Sometimes I think about the ones who came before me, without whose lives I would not be here. Like many of you, I have spent hours on ancestry.com, looking for clues. What were the names of those who went before me? Where are they buried? Who has followed in their lineage? As the generations spread out beyond one another, so do the increasing numbers of cousins and second cousins and “once removed” relations.
Google it! I have googled to learn the difference between a cousin once-removed and a second cousin. There is a difference! I have googled my own last name, and the first and last names of my parents and grandparents, looking for clues.
But finding the facts is not the reason I wonder about the ancestors. Of course, the facts are important. The facts reveal where they lived and how they made their living. The facts reveal that they left the land of their birth at some time to immigrate to another land. The facts reveal that one died of cancer, another of a heart attack, another in an accident.
Still, discovering the facts is not the reason I wonder about the ancestors. I am looking for something else. I am looking for answers to why I am here, why I lived my life the way I did – and did not live my life in other ways. I am looking for answers to connect myself to history, to my own personal history, and, in another way, to the history of the world.
I am turning the pages of personal history, looking at pictures and thinking about dates, to find something of myself in that personal history. Why am I here at all? Whose dream is it that I am here? What stroke of history has brought me to this place? What is the larger reason for my being here?
I am turning the pages of personal history, also, to discover my own part, my own culpability in issues of the day. I am searching for the reasons for my own hesitations, worries, choices.
From Family Systems Theory I know that patterns repeat themselves in families. For example, one child is abused as a child, and in the next generation, another child, through remarkably similar conditions, is also abused. In one generation, the eldest son goes to war, and never returns to the family. In the next generation, or the generation after, the eldest son goes to war and never returns to the family. In one generation, one child receives an education, and the others do not. And it is eerily true in the next generation.
Shame runs through families, also. Shame runs through the generations. The shame may be based on different things, but there it is, seen in the eyes and the choices of the children. Shame, it seems, comes to us when someone else tries to rid themselves of their shame. They throw their shame onto us, and then it is ours.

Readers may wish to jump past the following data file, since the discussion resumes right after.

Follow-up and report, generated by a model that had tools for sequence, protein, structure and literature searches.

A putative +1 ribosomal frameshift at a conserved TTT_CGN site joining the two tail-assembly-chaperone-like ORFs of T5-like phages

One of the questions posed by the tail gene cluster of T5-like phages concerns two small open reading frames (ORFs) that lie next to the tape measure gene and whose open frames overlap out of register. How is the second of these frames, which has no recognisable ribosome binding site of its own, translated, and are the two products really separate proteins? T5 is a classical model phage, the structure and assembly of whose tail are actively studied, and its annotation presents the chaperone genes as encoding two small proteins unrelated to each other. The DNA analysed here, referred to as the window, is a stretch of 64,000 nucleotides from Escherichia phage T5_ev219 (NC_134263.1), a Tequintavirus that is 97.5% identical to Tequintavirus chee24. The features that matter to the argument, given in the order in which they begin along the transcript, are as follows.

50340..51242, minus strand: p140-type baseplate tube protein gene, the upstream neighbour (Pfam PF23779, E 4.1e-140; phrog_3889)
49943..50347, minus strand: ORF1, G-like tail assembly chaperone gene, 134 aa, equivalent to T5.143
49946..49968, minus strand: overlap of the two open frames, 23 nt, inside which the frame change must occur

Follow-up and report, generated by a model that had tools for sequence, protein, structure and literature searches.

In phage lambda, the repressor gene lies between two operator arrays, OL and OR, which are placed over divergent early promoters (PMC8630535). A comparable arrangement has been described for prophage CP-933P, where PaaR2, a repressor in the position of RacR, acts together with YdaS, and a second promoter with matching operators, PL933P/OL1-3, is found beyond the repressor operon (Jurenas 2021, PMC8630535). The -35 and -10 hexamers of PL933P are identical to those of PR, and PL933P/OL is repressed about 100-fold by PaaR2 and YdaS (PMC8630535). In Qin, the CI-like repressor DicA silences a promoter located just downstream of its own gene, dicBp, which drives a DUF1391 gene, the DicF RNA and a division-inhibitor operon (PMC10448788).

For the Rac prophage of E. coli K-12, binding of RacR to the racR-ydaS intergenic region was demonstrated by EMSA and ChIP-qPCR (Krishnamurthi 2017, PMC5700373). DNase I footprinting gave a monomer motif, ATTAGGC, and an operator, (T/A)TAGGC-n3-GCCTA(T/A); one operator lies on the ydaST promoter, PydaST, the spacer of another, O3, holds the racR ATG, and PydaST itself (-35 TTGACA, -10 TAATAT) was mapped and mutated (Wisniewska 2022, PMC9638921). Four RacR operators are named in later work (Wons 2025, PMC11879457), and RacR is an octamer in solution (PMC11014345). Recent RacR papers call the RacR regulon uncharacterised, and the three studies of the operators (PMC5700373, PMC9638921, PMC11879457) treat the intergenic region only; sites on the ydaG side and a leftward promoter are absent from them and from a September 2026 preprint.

Patterns, also, are part of who we are. In my own searching, I look for those patterns to discover myself. I turn the facts of history over and over, piecing them together like a patchwork fabric, looking at the parts that are beautiful and at those parts that are discordant. I see how I fit into the pattern, and sometimes, although I am looking, I do not see. I cannot see. I am lost in my own searching.
Sometimes, over the years, something I have known forever becomes, in a particular moment, completely clear. The truth – or my truth – about that event or person was always present, but it was not clear in my sight. Then, I knew.
Sometimes, over the years, I shift blame from someone to someone else, as a way to make sense of my own history. Sometimes, I shift blame from someone else to myself, and then I face a new story, a new reality. How, then, do I live?
The ancestors are a source of interest to me, but the ancestors are so much more. They are the reason for my being here, and they are the ones who unconsciously, brought me here. I am their future. They are my past. We are connected, through blood and story and family and time.
I have learned that the ancestors will answer you, if you speak to them. You will hear their voices again, you will see the expression on their faces. You will see these things in the mirror, or you will hear their voice in your own. They will tell you their story, if you speak to them, and then, if you listen.